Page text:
THE knives are out for University of Cape Town’s vice-chancellor, Professor Mamokgethi Phakeng, following an explosive report by the institution’s Ombud Zetu Makamandela-Mguqulwa, which contains serious allegations about her autocratic management and leadership style.
Inside Education has been reliably told that in the midst of it all, there are behind-the-scenes moves and political machinations to get rid of Phakeng before her term ends in the next two years.
Several sources at UCT told Inside Education that there is a powerful faction within management and the previous university Council aligned to the Democratic Alliance (DA), the City of Cape Town and the Premier’s Office, which has been leading a campaign to remove Phakeng from her VC post, allegedly for ‘dumbing down’ standards at one of the top-rated universities in the world.
“It’s bizarre, don’t you think? They claim that under professor Phakeng, UCT continues to decline and that standards are dropping, yet we are number one on all five world rankings simultaneously,” said a senior university official who spoke on condition of anonymity.
“They want to chase her out of the institution in order to maintain the status quo because they fear her transformation agenda. Since she came into office, 10 vacancies in the 23-member Leadership Lekgotla have been filled by black Africans. They quibble in their secret corners that how can you have 80% transformation rate at this historically white institution?”
Another source told Inside Education: “She [Makamandela-Mguqulwa] is ‘ungovernable’, was used by a DA-led faction and had an axe to grind with the VC. She met with the VC at least three times in the past few months. She said absolutely nothing about the alleged bullying and intimidation of staff and now at the end of her term and that of the Council, she raises all these dangerous and untested allegations.”
“It is important to remember that both the legal opinion sought by the Council and the VC found her report to have ‘abused her office in the most flagrant manner, and acted in violation of the principles that govern her office and indeed every known basic principle of natural justice’.”
Makamandela-Mguqulwa’s report has accused Phakeng of being a bully who silenced professionals on campus and destroyed careers.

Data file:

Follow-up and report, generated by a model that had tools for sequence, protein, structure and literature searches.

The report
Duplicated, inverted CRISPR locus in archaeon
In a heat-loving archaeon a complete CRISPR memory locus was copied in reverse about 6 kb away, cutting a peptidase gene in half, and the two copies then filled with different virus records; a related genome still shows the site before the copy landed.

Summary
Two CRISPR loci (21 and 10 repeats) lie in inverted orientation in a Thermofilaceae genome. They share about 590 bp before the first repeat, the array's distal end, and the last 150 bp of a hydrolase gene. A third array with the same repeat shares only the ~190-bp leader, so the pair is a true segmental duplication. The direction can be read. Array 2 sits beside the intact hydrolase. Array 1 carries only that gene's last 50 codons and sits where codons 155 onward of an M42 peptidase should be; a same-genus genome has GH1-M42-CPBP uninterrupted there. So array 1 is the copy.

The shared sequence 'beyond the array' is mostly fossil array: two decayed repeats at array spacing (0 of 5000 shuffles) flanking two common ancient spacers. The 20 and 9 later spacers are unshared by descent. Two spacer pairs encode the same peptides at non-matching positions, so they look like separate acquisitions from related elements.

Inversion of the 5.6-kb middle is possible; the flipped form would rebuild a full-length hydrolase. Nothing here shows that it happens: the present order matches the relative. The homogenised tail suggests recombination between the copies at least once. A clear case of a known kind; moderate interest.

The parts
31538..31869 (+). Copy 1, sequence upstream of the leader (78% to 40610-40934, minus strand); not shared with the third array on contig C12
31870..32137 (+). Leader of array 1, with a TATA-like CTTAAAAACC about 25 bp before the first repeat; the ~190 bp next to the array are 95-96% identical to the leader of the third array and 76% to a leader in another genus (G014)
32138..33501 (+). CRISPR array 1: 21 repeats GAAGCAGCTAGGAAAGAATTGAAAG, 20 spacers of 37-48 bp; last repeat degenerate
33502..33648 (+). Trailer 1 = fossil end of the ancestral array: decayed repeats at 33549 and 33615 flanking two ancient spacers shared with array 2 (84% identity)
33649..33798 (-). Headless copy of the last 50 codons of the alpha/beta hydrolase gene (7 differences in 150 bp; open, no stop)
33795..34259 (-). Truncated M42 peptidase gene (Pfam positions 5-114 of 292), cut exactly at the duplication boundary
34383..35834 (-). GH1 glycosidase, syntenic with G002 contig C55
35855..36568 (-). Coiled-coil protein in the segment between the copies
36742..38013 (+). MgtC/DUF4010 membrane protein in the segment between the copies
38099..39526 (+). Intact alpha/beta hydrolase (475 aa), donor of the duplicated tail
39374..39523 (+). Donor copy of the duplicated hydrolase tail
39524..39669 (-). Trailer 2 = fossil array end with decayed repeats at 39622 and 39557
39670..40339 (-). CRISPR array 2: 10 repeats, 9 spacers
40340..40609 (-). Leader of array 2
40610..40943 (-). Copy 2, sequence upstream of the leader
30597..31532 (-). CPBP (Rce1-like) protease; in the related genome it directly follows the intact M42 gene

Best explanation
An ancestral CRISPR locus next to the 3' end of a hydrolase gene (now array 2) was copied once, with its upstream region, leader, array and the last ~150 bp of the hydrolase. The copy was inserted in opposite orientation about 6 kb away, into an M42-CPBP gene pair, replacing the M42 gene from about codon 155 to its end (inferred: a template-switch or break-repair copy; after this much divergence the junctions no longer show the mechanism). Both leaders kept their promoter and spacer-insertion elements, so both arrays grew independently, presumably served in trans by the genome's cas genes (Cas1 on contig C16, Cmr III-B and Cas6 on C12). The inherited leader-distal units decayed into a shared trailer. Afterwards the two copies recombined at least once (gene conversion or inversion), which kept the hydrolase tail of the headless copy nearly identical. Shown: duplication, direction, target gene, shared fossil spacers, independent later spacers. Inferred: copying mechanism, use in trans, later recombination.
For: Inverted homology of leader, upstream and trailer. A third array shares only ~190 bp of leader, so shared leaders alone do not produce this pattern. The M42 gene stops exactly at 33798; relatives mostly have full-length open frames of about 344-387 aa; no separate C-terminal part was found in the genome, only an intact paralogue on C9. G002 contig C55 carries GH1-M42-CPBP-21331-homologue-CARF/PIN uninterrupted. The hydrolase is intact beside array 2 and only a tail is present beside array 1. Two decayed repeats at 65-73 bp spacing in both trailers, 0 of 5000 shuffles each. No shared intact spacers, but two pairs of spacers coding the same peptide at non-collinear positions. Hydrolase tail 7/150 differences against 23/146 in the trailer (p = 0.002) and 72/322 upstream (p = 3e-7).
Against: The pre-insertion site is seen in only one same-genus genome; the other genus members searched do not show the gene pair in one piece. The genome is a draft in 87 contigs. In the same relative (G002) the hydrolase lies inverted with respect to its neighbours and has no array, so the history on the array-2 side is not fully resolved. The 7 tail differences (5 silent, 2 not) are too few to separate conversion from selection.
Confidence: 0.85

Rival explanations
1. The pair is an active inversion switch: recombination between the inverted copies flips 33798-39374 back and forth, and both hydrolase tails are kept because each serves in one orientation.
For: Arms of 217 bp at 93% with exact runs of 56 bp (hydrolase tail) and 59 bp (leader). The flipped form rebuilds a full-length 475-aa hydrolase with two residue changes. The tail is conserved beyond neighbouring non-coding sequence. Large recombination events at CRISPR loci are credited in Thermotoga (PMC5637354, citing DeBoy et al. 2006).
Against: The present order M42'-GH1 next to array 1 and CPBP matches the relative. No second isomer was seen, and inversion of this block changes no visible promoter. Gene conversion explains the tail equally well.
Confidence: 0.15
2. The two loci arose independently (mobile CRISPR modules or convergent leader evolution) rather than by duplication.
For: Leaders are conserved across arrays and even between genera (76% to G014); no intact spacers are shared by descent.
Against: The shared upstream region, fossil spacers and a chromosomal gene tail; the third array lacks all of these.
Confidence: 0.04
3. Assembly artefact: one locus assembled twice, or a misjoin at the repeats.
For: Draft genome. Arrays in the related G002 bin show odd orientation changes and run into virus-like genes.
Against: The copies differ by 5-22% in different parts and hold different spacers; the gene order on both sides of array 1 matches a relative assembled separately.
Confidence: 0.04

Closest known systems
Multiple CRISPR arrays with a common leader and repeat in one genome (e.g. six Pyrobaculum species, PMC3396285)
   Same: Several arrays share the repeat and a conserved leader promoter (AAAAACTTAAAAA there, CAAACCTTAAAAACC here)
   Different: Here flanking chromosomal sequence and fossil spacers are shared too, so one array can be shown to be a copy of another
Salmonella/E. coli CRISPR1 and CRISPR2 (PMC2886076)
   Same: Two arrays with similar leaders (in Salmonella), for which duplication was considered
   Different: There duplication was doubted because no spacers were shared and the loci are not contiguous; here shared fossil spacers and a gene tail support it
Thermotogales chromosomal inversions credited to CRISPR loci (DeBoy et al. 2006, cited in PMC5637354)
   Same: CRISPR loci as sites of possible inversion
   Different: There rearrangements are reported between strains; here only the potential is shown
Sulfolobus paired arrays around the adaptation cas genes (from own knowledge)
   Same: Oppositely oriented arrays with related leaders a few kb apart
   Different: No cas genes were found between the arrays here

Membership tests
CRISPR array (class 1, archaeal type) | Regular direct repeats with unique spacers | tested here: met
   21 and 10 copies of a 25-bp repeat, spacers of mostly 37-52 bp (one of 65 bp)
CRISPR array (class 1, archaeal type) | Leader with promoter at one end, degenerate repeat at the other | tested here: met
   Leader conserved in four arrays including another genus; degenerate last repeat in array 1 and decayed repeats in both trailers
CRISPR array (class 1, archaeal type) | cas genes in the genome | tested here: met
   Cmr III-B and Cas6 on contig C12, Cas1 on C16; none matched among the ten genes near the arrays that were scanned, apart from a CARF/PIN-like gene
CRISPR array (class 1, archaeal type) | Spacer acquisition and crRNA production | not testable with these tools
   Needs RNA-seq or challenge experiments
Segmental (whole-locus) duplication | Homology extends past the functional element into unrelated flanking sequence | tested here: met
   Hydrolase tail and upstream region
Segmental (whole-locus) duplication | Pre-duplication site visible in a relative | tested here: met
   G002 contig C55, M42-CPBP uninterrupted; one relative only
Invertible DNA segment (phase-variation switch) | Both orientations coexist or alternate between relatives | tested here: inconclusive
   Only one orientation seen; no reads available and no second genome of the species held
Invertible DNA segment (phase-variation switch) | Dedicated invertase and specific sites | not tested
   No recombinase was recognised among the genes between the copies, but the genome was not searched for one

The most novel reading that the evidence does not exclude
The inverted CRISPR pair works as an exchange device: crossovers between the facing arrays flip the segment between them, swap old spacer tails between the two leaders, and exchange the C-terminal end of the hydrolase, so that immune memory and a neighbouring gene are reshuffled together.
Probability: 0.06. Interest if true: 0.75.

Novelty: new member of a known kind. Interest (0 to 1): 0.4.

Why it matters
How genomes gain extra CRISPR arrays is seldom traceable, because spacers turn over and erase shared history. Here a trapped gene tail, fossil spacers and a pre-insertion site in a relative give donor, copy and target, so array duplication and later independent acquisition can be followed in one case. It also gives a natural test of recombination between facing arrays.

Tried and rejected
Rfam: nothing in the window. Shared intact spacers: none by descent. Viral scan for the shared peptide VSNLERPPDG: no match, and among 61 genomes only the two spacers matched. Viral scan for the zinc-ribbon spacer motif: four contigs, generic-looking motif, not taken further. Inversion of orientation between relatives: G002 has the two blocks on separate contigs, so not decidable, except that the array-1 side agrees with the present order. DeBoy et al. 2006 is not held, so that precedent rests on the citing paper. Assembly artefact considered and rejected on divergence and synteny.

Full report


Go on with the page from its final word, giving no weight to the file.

According to this report, not a single one of those who complained wanted the Ombud to approach the VC as they feared retaliation.
“During this reporting period a number of work-related complaints came to me about professional interactions with the VC where people felt bullied, silenced, undermined, rebuked and/or treated unfairly,” according to Makamandela-Mguqulwa.
“Their pain was visible. Some affected bystanders also came to express fear and told me how they were impacted individually by different incidents. My usual approach is to be guided by the visitor on what they want to achieve by bringing the issue to my attention.”
On Monday evening, UCT announced the names of the new council members – Babalwa Ngonyama was elected as the new chairperson of the Council, and Nazeema Mohamed as the deputy chairperson.
Other new Council members include Professor Ntobeko Ntusi (Senate-elected Council member), Sihle Lonzi (student member), Zama Khanyile (chair of the University Finance Committee) as well as Sheila Barsel and Dianna Yach.
The new council met for the first time on Saturday but it is unclear if they dealt with the Ombud’s report.
One of the first issues that the new UCT Council has to deal with is the fallout from the scathing report by Makamandela-Mguqulwa.
Meanwhile, Phakeng and the council have already sought legal opinions on whether to accept the report or not.
The legal opinion sought by Council found that the ‘Message from the Ombud’ exceeded the powers, authority and mandate of the TOR, and the reporting requirements of the job description, and breached the foundational principles of the office of the Ombud.
The Ombud has no power to make such pronouncements, according to the legal opinion sought by the outgoing university Council.
On the other hand, a legal opinion sought by the VC Phakeng found that the allegations raised by the Ombud were uncharacteristically vague and unsubstantiated.
“The ombud has turned the office into a complainant and judge in her own cause. The persons and office bearers against whom the allegations are made were never notified of the allegations, nor were they allowed an opportunity to be heard before the report was compiled,” according to the legal opinion sought by Phakeng.
“By cloaking her own untested personal grievances in the form of a formal report of the office, the Ombud has abused her office in the most flagrant manner, and acted in violation of the principles that govern her office and indeed every known basic principle of natural justice. The disproportionate prominence given to the untested allegations in the report suggests mala fides on the part of the Ombud. This abuse of office and disregard for the law is unprecedented, brazen, and dangerous.”
Attempts to get comments from Makamandela-Mguqulwa and Phakeng were unsuccessful at the time of going to press.
UCT spokesman Elijah Moholola declined to answer specific questions about the alleged DA-led campaign to remove Phakeng, including damning Ombud’s allegations against the VC, saying the old council was handling the matter.
(Compiled by Inside Education staff)